Three Music Stages Featuring International DJs, Live Acts, Sound Healing and Surround Sound with Music Composed Exclusively for ARRIRI. Music styles: Psytech, Psydub, Techno, Minimal, House, Dub, Reggae, Chill-out, Live Acoustic, Psytrance, Psybient, Electronic….
ToneTra – Tim Wheater, Cherub, Aaron
Interactive, ambient electronic groove, mystical vibrations that journey beyond the edge…
Mr Shay – Conscious rapper, loop pedal artist, beatboxer:
Transporting listeners into harmonic trances, painting pictures through words, abstracted soundscapes and rhythmic beats.
Lulu Rose – Yoga & meditation teacher, spoken word artist:
Interplanetary poetry, guiding journeys into deep positive self connection
Ondrej – drummer, conscious artist & Carise – harmonic Hang:
Tribal space drum circles, connecting you to the pulse of your soul
The Lyrical Nomads – Na-yo, Roaman & Thomas James Smith:
Incredible acoustic live jamming with the worlds most wonderful roamers…
Dominique Analise – sound healer
Rob Pellegrino Roots Sensation – Chilled dub Reggae set
Danni Spooner – Contact improvisation dance workshop
Ellenah Fawcett – Movement Meditation
Giulia Kaur – Kundalini Yoga
Preview some of the Arriri artists on All is One|Wave:
Arriri is located in the beautiful Pantalica Area near Syracuse, Sicily, less than an hours drive from Catania airport. The festival site is on the SP9 (Strada Provincial 9), in between Carlentini and Sortino.
GPS Coordinates: 37.196, 15.021
Did I mention the food? Did I mention that the area has biggest pistachios in world and the strongest flavoured Pachino tomatoes that only grow in Southern Sicily? The food is abundant, all of it tasty beyond belief. Arancini, Cannoli, Pizzoli, Parmigiana, Granita…. there just isn’t such a thing as bad food on Sicily. The Arriri valley has fields of nut trees that will be ripe during the festival, but try to leave alone the other wild food that you find in the woods, such as wild pigs and horses. It has been said that in the season the forest’s bounty even includes magic mushrooms.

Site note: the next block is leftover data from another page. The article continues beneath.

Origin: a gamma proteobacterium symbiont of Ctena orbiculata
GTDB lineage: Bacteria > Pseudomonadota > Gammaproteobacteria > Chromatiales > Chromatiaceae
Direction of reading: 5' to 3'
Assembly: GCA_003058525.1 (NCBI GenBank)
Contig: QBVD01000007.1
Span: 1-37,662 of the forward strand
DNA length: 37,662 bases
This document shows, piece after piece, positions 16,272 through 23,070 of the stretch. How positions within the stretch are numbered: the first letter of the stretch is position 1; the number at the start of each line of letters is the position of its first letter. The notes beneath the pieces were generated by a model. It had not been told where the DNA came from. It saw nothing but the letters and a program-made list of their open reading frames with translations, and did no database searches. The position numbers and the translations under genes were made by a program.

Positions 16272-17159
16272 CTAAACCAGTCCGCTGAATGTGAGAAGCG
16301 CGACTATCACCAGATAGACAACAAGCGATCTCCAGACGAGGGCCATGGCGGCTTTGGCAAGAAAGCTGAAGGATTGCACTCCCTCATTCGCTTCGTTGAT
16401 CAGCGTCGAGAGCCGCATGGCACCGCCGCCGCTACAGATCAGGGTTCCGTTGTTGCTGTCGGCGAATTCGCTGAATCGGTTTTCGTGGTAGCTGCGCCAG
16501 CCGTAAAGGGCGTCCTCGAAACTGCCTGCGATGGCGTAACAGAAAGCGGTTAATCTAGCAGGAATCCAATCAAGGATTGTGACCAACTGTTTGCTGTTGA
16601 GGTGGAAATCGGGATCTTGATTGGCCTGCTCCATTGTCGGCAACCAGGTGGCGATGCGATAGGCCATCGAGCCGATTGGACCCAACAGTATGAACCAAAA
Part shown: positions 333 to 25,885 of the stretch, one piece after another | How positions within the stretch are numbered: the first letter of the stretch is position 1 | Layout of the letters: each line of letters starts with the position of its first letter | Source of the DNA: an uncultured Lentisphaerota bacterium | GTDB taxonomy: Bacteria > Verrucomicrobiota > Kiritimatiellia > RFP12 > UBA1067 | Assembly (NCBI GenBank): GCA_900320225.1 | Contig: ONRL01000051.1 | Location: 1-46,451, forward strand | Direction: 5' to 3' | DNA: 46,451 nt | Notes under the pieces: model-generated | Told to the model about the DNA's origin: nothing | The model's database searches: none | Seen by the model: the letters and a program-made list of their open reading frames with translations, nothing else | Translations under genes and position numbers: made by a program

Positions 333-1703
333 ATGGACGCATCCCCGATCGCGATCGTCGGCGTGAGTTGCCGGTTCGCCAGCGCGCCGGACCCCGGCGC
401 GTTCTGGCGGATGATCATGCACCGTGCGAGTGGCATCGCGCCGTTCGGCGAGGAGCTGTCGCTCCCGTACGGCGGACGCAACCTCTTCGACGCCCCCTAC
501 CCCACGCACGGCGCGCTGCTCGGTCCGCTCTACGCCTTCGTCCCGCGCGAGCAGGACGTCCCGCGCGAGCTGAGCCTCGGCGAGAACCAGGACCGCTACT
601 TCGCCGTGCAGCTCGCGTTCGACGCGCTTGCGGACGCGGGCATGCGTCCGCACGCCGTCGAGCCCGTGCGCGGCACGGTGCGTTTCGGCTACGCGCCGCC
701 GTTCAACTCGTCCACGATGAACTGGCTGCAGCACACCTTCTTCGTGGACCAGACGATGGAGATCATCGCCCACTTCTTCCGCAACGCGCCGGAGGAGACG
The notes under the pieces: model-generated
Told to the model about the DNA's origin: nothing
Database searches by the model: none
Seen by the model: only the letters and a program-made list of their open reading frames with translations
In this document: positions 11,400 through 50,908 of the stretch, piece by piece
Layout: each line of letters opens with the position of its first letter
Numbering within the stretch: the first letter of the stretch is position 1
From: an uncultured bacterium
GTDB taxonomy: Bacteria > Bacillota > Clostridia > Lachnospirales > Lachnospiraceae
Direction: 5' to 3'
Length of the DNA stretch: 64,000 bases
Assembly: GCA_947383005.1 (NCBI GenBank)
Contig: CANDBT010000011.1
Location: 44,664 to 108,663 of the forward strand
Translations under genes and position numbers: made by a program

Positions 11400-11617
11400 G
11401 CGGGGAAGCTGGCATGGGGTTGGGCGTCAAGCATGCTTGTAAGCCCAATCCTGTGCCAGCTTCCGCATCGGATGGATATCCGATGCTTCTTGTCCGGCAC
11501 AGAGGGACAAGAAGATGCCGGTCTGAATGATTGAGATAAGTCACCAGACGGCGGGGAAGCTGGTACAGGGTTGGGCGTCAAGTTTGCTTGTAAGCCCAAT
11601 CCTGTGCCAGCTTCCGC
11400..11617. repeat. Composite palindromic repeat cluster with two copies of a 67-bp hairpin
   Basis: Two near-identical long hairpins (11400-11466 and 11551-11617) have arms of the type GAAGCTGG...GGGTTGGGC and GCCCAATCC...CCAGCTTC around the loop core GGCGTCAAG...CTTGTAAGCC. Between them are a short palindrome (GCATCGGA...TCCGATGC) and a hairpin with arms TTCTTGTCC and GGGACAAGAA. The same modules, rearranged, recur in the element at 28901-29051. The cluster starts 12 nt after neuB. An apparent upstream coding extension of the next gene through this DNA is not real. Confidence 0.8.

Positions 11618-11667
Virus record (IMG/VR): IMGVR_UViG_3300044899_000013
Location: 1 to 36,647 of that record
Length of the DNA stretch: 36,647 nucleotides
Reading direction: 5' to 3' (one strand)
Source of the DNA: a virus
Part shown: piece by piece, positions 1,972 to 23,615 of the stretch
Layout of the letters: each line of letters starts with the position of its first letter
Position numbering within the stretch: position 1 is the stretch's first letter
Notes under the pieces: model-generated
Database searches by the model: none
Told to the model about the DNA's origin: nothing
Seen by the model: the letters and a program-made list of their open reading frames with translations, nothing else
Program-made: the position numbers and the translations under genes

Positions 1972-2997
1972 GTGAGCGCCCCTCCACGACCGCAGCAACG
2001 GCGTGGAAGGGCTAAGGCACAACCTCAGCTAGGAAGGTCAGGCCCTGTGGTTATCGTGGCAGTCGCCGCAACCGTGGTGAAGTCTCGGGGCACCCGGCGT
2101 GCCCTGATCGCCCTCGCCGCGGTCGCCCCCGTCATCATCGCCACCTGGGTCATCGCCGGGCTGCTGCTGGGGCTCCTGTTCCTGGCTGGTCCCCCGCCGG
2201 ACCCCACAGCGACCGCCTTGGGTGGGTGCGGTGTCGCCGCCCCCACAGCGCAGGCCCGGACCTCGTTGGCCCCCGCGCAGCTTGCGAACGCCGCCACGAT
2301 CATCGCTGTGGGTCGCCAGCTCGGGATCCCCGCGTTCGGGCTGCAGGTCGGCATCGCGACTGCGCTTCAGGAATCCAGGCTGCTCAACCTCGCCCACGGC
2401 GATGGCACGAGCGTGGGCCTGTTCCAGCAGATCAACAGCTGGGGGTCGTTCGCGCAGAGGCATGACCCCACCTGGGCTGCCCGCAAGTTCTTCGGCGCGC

Two of our Sicilian hosts were great foraging cooks, Antonella and her husband Ciccio (nicknamed Caravallo Pazzo or “Wild Horse” on account of his diminutive stature housing a giant inside). Late one night they allowed us to witness under torchlight Antonella foraging for herbs in the lush meadows, chatting away to herself in anticipation of the feast she was planning. She found wild spring onions, wild garlic, borage, mint and other green leave, which she later cooked on the campsite little 2-ring stove into an amazing meal for a dozen hungry English blokes.
Ciccio kneaded chapatti bread (I wouldn’t have been surprised if he had ground the grain himself), rolled it using a beer bottle, then cooked it outside on the open fire, before Antonella wrapped each chapatti around some lumps of Ricotta (made from goats milk that afternoon) and spoonfuls of her cooked herb concoction. Served with local red wine beside the fire, it was a morsel of paradise. My mates and I had tasted Ricotta (the British supermarket version), but the homemade Sicilian variety, flavoured with hand-picked herbs and a pinch of chilli flakes, put smiles on our faces.
April’s sun already burned, when I lay prostate on a rock overlooking the valley with a local guy, who teaches tantric sex to couch surfing travellers. Waddaguy! He was becoming one with the rock, lying across a giant boulder as if mounting it, telling us to make love to the rock from where our atoms originate. He feels connected to the rock, it was visible, believable.
Later we visited his rooftop pad in Catania and read a few of the hundred goodbye notes left pinned to a door. We felt like we understood his couch surfing mentality. All these visiting Europeans who had felt the need to leave love notes to the Sicilian prince of tantra:
“You changed my life” and “You made me see a new side to Sicily”… There’s a natural freedom here, something raw, and alive with international souls.
Normally I’m all about finding your own way, creating your own path. But here… a word of warning: don’t come to the paradise valley expecting to be embraced and nurtured like you are in the maternal English countryside. This is Sicilian farming country at the foot of an active volcano. The landscape is magnificent but it will chew you up and spit you out, if you take the rocky route up the valley’s side like we did. The scenery on the plateau above the valley is worth the climb up the valley wall, and then some. You imagine yourself in a Palaeolithic landscape, with human cave homes, crystal springs, Roman aqueducts and flower meadows. Stick to the paths to enjoy these sights unscathed. Up here you can camp during the festival, and relax whilst overlooking the valley arenas and swimming pool. That’s my advice.